Inspiration Station: “WWJD: What Would Jim Do?”

As I checked my inbox this morning, I was reminded by a blog post that today is an anniversary.  Danny the Puppet posted a great video blog about Remembering Jim Henson.

You see, twenty-two years ago today, the world lost one of the greatest artistic visionaries that has ever graced our planet.  Multiple biographies have been written about Jim Henson, his vision, his puppets, his life, so I’m not going to bore you here by rehashing the highlights.  You know he’s the Man behind the Muppets, Sesame Street, the Fraggles, the Creature Shop, and the lot. 

Instead, I’m going to write a bit about how Jim’s inspired me, and how I look at my life through frog-tinted glasses: What Would Jim Do?

I can’t believe I’m sitting here crying while I’m writing this.  Perhaps that’s a bit melodramatic.  It’s hard to put into words just exactly what I’ve learned from Jim, even though I was only 7 when he passed away, and I never had any direct contact with him personally. I only know of him what I’ve seen through the television and what I’ve read in books. 

Still, I can see his influence in my life every day:

“I have a dream, too.  It’s about singing, and dancing, and making people happy — the Kind of dream that just gets better the more people you share it with.” — A quote from Kermit/Jim that hangs on computer in my office and on my wall in my studio.  They’re not huge framed posters.  Just those powerful words scrawled across a post-it note.  It reminds me to not get caught up in the hustle and bustle, and that more people than just me really do like to sing and dance and just be happy.

I’ve developed a curricula of puppet classes – construction and performance techinque – that I teach three times a year at a local arts center with continually sold out classes.  This will be my third year of teaching it, and in every class, I use You Tube footage of Jim and the Muppets to teach the next generation about puppetry and acting.  So far, the two crowning moments of my puppet class are that a) a young man who was turning 11 asked his mom to get him a Jo Ann Fabrics gift card for his birthday so he could buy puppet making supplies and b) my kids last semester made, completely on their own, Sesame-Street inspired videos teaching kids about letters.  I’m working with a local school to get those videos used in their kindergarten and first grade classes.  I credit the fact that I’ve been able to teach these classes with such passion to Jim, who inspired me first.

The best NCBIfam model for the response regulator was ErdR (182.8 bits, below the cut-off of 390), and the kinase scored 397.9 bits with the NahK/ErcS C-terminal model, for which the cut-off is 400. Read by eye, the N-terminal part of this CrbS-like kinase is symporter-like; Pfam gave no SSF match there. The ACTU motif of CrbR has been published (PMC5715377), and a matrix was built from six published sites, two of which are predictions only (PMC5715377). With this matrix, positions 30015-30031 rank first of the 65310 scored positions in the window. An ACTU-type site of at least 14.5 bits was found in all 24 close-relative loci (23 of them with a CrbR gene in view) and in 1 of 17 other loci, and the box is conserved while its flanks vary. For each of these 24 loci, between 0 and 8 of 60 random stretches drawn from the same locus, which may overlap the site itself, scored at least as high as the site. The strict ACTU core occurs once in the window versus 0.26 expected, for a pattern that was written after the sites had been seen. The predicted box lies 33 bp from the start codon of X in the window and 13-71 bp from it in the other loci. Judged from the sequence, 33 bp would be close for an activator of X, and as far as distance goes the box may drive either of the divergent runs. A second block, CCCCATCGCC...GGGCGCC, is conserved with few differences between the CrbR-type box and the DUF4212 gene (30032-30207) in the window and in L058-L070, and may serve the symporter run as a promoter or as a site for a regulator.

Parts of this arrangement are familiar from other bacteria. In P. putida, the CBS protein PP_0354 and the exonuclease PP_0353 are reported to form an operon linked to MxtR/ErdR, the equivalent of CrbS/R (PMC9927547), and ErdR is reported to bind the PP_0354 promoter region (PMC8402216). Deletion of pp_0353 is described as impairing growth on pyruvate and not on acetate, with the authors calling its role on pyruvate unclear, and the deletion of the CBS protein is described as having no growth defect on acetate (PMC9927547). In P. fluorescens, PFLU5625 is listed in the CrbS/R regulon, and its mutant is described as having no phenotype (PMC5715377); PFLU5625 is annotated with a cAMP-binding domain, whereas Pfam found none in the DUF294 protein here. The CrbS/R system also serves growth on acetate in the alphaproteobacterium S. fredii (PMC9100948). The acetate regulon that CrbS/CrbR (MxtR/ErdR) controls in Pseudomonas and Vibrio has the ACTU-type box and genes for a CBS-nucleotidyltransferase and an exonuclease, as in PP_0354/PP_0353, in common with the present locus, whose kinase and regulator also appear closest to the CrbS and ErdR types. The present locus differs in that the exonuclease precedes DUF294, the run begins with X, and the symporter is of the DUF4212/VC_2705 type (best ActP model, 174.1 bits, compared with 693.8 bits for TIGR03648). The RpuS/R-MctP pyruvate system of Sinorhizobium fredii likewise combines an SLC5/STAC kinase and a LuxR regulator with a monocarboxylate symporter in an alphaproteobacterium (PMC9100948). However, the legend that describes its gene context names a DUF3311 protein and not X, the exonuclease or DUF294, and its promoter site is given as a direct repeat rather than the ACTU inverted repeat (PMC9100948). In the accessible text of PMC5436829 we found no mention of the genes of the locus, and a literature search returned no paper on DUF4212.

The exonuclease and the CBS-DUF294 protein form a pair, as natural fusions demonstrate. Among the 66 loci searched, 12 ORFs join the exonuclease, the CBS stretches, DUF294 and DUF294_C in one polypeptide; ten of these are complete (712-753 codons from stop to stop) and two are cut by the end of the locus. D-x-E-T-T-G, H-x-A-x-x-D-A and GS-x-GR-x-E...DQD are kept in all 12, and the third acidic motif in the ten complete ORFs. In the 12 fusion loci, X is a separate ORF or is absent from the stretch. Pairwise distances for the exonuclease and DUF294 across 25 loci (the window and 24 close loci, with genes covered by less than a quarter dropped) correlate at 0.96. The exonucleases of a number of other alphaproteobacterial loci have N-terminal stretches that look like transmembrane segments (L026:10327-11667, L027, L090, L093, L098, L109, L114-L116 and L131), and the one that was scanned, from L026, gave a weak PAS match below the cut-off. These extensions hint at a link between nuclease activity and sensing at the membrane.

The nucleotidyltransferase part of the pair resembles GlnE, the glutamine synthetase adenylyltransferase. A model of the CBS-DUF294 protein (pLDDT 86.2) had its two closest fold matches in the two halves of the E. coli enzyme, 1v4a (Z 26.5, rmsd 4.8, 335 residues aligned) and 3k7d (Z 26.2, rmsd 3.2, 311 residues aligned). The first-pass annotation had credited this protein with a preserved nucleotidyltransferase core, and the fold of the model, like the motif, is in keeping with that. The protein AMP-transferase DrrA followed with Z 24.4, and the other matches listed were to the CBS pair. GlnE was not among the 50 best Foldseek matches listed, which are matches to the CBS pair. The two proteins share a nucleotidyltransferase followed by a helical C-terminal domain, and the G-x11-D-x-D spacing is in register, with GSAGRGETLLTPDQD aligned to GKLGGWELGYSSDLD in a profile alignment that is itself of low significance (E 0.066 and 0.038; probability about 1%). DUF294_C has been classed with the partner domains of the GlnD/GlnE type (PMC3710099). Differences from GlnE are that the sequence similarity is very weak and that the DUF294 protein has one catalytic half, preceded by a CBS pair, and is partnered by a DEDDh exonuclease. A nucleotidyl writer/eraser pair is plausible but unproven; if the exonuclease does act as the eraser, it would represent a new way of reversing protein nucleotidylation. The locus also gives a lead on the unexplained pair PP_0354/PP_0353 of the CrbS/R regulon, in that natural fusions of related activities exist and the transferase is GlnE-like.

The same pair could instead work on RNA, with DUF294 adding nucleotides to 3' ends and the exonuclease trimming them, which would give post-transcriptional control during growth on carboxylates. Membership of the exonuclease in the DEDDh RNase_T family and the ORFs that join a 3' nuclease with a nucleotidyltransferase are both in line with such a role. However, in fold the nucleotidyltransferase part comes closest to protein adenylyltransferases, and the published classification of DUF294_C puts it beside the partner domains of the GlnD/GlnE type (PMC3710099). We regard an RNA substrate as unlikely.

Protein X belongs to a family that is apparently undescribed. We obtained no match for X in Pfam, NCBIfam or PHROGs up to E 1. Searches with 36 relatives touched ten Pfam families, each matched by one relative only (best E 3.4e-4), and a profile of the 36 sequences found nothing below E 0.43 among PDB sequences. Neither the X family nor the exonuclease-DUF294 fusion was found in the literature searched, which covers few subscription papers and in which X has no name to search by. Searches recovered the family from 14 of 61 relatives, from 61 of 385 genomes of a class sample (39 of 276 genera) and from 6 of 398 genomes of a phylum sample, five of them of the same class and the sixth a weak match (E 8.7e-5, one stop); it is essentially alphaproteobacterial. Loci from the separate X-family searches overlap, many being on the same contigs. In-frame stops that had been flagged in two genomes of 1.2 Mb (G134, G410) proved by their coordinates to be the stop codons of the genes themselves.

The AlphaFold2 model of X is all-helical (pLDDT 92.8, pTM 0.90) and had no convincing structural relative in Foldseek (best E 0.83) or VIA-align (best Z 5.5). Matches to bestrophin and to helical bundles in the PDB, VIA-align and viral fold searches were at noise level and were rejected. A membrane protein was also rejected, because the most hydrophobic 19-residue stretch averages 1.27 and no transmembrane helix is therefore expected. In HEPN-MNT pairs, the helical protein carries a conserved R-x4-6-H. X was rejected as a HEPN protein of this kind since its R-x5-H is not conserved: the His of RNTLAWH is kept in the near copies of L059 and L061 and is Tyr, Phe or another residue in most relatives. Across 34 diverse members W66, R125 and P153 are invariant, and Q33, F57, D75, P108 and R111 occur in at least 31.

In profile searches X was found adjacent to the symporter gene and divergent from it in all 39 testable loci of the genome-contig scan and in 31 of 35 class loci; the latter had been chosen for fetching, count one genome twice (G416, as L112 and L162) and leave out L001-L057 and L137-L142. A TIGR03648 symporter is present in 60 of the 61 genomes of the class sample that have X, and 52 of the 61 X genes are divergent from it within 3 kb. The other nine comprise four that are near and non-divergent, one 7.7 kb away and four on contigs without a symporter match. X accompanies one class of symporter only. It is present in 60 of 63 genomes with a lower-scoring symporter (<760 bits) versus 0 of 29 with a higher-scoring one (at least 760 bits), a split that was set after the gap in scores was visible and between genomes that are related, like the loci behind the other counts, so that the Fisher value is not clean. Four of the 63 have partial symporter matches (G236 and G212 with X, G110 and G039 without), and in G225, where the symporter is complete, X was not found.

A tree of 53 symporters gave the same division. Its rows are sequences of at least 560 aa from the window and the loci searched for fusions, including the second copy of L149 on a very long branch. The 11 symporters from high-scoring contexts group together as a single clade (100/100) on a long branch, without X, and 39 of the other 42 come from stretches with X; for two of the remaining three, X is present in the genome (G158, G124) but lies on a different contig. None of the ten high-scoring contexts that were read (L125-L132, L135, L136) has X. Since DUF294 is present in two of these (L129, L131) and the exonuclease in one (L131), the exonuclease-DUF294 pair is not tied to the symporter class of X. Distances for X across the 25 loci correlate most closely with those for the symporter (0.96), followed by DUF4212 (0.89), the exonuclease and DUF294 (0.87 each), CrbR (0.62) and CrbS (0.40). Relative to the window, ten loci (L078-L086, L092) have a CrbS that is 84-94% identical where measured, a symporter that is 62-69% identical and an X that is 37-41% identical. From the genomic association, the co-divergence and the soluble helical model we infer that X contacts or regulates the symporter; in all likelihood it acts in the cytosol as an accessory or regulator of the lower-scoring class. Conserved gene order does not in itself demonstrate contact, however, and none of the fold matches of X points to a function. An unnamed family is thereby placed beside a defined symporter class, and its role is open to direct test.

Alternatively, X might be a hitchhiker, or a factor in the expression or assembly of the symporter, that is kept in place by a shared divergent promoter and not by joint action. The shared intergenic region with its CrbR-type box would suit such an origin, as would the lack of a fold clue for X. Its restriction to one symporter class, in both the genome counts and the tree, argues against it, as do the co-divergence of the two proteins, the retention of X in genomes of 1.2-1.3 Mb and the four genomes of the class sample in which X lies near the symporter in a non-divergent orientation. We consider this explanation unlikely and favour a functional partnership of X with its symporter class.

When I first watched the new Muppets movie, I completely identified with the character of Walter:  “But then… I found them.”  And again, with my melodramatic side, I cried buckets at the end (you can ask my best friend who went to the movie with me. I think I embarrassed her), when Walter is faced with the choice of joining Kermit as one of them and going back to Smalltown with Gary and Mary.  I could completely put myself in that position and see the other Muppeteers saying, “Come with us, Candice. You’re one of us!”  And my heart aches because really, when it comes right down to it, that’s what I want to do with my life, and I don’t see how I would ever get there: an impossible dream, to work with the Jim Henson Company, but I don’t see why I can’t dream it.

I cry every time I hear “Rainbow Connection.”  And some days it seems “It’s Not Easy Bein’ Green” is my personal theme song. I have worn out my completely dog-eared-falling-apart-highlighted-and-doodled copy of “It’s Not Easy Bein’ Green: And Other Things to Consider” that I scrounged from a bargain bin at the local Goodwill. And while I know there are plenty of others out there who are much more talented than me in puppet performance and who are much more skilled than me in puppet construction, I know that no one else has the same fire that burns inside my heart when it comes to watching the joy that puppets can bring to people. 

So thank you, Jim.  Thank you for my childhood.  Thank you for your visions.  Thank you for your legacy, but most of all, thank you for giving me fire and purpose and drive and a means to share the third greatest gift in the world: Laughter.

THANK YOU. From the lovers, the dreamers, and Me.

I am a Maker of Things.

I read in a book once a passage that goes like this:

“Ever since she was a little girl, she’d had a compulsion to make things:
Paintings, poems, mittens, kites.
She had a deep love of creation, of watching a blank canvas take on color and form,
a length of yarn twist and knot into a knitted cap.
When she went to the sea, she made sandcastles. 
When she was housebound by a snowstorm, she made snowmen. 
When the wind whipped her hair across her face, she made kites. 
She didn’t think of herself as an artist or craftswoman.
She simply considered herself a maker of things.”

And I have never, ever found another phrasing that quite fit how I feel about who I am and what it is I do.  Thanks, Janet Evanovich, for such wonderful words.

“Eye of the Beholder” – Created in ASketch on iPad.